Saturday, January 31, 2009

Sarong Politics

September 2008 came and went; there was no mass crossover from Barisan Nasional to the Pakatan coalition. All the noise about crossovers, which had consumed the political limelight for many weeks came to a deafening silence. Yes, there were probably some who were seriously in the fray to strip off their BN sarong and put on one with Pakatan's colours. There probably was also lots of behind the scenes pressure in BN to forestall such potential defections. Of course we all know about the infamous ‘field trip’ that all those BN members of parliament were sent off to in Taiwan.

But then came some relatively big news that Zaid Ibrahim had been sacked from UMNO. He of course goes on to leave no doubt that he finds more harmony identifying with the opposition. The defection of the Bota assemblyperson Nasarudin Hashim seems to have spearheaded more speculation about two Perak exco members who may possibly defect from Pakatan. And let’s not forget the other on-going speculation surrounding the possibility that four Negeri BN representatives may crossover and say ‘good-bye’ to BN.

At one level, I’m convinced that this kind of switching around, as if one was simply changing one’s sarong, at least shows that the political landscape has become less predictable – and more competitive. And I for one and am all for a more competitive political scene. We all have seen far too much one way political domination. Aside from the recent by-elections, these speculations of defections – especially, of course, where these developments make the political landscape more competitive – do at least change the climate of politics, if not actually transform the balance of power.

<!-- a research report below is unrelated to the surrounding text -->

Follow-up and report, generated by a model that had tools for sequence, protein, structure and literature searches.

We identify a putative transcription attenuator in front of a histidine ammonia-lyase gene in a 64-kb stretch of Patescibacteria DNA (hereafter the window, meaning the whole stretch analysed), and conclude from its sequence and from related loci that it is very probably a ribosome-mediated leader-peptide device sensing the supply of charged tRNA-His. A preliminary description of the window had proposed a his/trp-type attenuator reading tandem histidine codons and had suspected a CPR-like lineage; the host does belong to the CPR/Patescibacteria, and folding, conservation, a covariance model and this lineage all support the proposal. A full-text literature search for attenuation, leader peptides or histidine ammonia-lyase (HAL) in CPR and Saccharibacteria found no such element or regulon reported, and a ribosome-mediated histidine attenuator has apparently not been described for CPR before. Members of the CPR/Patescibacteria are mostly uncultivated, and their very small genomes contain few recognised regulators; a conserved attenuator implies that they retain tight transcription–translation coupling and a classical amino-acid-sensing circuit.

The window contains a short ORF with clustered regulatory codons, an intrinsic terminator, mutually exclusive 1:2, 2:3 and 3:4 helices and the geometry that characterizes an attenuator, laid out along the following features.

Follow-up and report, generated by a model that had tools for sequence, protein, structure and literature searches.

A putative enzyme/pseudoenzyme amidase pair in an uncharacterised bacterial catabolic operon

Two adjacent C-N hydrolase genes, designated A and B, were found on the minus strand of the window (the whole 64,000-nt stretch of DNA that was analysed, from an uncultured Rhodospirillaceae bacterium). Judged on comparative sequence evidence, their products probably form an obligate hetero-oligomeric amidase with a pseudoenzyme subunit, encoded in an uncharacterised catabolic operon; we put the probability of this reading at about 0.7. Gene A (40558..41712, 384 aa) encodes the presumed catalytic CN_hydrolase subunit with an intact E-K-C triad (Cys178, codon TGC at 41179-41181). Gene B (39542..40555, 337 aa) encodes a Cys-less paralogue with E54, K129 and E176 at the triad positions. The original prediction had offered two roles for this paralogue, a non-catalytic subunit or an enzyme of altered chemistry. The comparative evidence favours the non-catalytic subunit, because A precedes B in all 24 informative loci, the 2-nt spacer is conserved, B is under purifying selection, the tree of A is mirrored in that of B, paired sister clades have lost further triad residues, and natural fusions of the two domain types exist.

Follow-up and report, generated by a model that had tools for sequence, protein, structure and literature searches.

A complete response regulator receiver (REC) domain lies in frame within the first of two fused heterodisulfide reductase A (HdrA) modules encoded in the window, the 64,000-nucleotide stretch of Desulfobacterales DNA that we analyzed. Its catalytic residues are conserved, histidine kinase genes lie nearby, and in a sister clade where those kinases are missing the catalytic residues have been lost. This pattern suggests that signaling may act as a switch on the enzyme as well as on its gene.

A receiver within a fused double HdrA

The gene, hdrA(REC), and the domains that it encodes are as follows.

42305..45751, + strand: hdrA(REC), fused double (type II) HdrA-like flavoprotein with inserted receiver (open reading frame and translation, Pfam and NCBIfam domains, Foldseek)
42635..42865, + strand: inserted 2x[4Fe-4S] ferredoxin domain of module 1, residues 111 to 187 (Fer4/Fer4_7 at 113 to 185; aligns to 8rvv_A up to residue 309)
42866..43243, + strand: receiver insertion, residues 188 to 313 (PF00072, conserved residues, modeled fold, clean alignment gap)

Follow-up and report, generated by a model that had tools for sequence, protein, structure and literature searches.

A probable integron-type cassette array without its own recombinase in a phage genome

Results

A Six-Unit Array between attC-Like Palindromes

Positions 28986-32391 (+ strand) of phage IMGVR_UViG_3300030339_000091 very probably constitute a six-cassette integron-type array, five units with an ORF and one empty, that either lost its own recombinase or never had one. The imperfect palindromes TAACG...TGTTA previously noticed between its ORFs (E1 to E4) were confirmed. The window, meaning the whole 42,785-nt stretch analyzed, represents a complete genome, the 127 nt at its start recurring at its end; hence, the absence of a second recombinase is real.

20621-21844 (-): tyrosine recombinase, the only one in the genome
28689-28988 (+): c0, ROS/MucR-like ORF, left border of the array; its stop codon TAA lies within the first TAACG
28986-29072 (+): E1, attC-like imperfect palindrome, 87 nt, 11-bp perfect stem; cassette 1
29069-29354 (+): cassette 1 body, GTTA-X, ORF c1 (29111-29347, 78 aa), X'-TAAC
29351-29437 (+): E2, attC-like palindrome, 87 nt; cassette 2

Obviously, such sarong politics is not widespread and deep. This changing of allegiance is clearly the exception rather than a frequent occurrence. But it is hard to deny two specific facts. First, as noted above it has made for a less predictable political reality. Second, given the breakdown of political balance in states such as Perak, Selangor, and Negeri Sembilan, relatively small shifts are obviously enough to potentially create a massive shift in balance of political power in these states. Of course, then there are those who, after having their sarong, or in this case, their veshti, stripped-off of them, are able to go back and wear it again. Either way, these shifts in party allegiance do not need to be deep to be consequential.

But, oh, does it make for interesting times.

These potential and actual switching of party allegiance also leave little doubt that some politicians are less motivated by the quality of the fabric the sarong is made of and more interested in how attractive the sarong they wear may be. The latter might be too superficial a motivation for changing sarong, but it if adds more colour to our politics, I’m all for it.

At least we don’t have to put up with the same old stale and boring sarongs.

G. Krishnan